From left to right: Yours Truly of Bargain Bourbon, Al Young of Four Roses, and William Gemmell of A Dram Good Time

From left to right: Yours Truly (Phil Conner) of Bargain Bourbon, Al Young of Four Roses, and William Gemmell of A Dram Good Time

One of the questions inevitably asked of Mr. Young was one of those questions that always seems to pop up in American whiskey circles: Why doesn’t Four Roses make a rye whiskey?  Al Young’s answer was simple; Four Roses is pretty damn good at making bourbon.  Period.  I really liked this answer because all too often distilleries are too concerned with being the hottest new thing, which would certainly involve getting in on the rye craze.  But, as Mr. Young pointed out, who knows if rye would still be popular in the next ten years?  Or, more importantly, how do we know that Four Roses would make a good rye, being that rye is a difficult and fickle grain to distill?

Under the direction of Jim Rutledge (Four Roses’ Master Distiller since 1995), Four Roses has become one of the finest distilleries in the world.  Whisky Magazine has named Four Roses their American Distillery of the Year for three years running.  Their standard bourbon releases are all very good, and their limited releases are some of the best bourbons released every year.  Last year’s Limited Edition Small Batch is still my favorite bourbon to date (named American Whiskey of the Year by Whisky Advocate Magazine).  My point (echoing Mr. Young) is that Four Roses makes great bourbon, and they are a distillery that wants to stand for quality, not trends, and I am a huge fan of that philosophy.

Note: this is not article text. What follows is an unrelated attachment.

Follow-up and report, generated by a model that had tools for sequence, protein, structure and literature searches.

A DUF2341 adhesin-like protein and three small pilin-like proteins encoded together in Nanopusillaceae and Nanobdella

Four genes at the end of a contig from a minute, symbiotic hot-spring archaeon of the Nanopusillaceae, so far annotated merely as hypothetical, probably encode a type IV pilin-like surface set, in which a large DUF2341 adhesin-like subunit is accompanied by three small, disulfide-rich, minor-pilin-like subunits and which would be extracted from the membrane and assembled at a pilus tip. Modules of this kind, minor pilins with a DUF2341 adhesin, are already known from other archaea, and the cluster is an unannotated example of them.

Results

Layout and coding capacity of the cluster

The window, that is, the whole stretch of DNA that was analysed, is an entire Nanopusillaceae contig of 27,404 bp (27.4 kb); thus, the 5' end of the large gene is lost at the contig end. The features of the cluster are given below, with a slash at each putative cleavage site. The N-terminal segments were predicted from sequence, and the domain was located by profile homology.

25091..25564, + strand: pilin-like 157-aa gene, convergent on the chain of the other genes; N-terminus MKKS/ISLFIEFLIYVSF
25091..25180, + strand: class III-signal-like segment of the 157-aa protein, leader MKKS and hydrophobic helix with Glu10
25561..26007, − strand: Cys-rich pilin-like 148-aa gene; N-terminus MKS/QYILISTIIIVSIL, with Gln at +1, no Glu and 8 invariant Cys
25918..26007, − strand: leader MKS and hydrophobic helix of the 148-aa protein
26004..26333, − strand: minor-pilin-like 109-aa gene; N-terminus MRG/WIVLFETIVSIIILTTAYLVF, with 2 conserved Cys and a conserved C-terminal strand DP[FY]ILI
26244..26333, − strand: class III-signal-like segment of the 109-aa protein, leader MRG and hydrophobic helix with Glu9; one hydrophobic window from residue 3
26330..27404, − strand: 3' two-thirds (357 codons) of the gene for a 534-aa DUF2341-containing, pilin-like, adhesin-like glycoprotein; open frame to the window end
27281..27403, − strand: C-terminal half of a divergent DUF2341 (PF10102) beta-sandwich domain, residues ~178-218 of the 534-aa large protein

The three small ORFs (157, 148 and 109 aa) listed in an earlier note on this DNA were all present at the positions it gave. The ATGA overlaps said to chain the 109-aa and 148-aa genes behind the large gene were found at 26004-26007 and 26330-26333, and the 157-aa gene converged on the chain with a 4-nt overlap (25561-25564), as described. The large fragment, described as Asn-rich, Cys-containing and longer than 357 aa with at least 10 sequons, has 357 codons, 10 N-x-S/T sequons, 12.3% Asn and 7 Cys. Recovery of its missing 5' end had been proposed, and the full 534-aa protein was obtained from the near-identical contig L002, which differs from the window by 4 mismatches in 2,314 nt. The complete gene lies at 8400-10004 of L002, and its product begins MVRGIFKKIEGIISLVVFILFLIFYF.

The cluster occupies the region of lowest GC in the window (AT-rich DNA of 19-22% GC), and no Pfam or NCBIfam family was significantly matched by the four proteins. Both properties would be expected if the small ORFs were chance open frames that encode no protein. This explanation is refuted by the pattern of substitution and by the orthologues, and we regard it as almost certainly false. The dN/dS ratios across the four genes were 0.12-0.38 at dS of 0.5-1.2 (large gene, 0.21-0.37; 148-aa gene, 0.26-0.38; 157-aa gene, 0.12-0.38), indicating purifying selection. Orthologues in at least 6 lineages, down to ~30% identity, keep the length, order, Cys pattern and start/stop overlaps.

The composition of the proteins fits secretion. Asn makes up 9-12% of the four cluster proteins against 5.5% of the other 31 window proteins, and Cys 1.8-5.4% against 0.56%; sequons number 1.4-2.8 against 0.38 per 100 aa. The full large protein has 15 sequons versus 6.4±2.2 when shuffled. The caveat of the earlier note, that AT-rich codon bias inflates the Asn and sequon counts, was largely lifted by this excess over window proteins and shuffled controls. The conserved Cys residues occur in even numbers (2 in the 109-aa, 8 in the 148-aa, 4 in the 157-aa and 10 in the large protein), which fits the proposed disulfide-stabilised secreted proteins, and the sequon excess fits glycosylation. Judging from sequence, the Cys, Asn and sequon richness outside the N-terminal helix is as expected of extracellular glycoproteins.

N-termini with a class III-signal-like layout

One of the other questions that often comes up in whiskey conversations is about sourced whiskey, and how much Four Roses is distilling for themselves and how much is being shipped out under contract to other bottlers.  I was excited to hear that Four Roses is intending to phase out their sourcing contracts.  By the end of 2014, Four Roses expects to be making exclusively Four Roses bourbon.  While it might seem like a bad thing because Four Roses would have no place to send the whiskey they did not want under their own label, I think Four Roses takes such great pride in their bourbon that they will continue to bottle the very best bourbons on the market, and hopefully the future will yield more of it for Four Roses’ consumers to enjoy.

My last two highlights of the evening both showcase one of my mottos here at Bargain Bourbon – bourbon is all in personal taste and preference.  First, I was somewhat surprised when Mr. Young enjoyed himself a Manhattan with Four Roses Small Batch.  He said it was his favorite way to drink his favorite Four Roses bourbon, which leads me to my second point.  Al Young said his favorite bourbon was Four Roses Small Batch because of the red fruit notes and subtle spiciness to the bourbon.  In his opinion, this gives Four Roses Small Batch more versatility than the other bourbons in the lineup, making it great neat, on the rocks, with a splash of water, or in a cocktail.  For the record, I like my bourbon neat, and I love Four Roses Single Barrel for its soft sweetness and balanced approach between sweet, woody, and spicy.  It just goes to show that everybody has their own opinion, and that’s what makes bourbon and Four Roses so enjoyable to drink.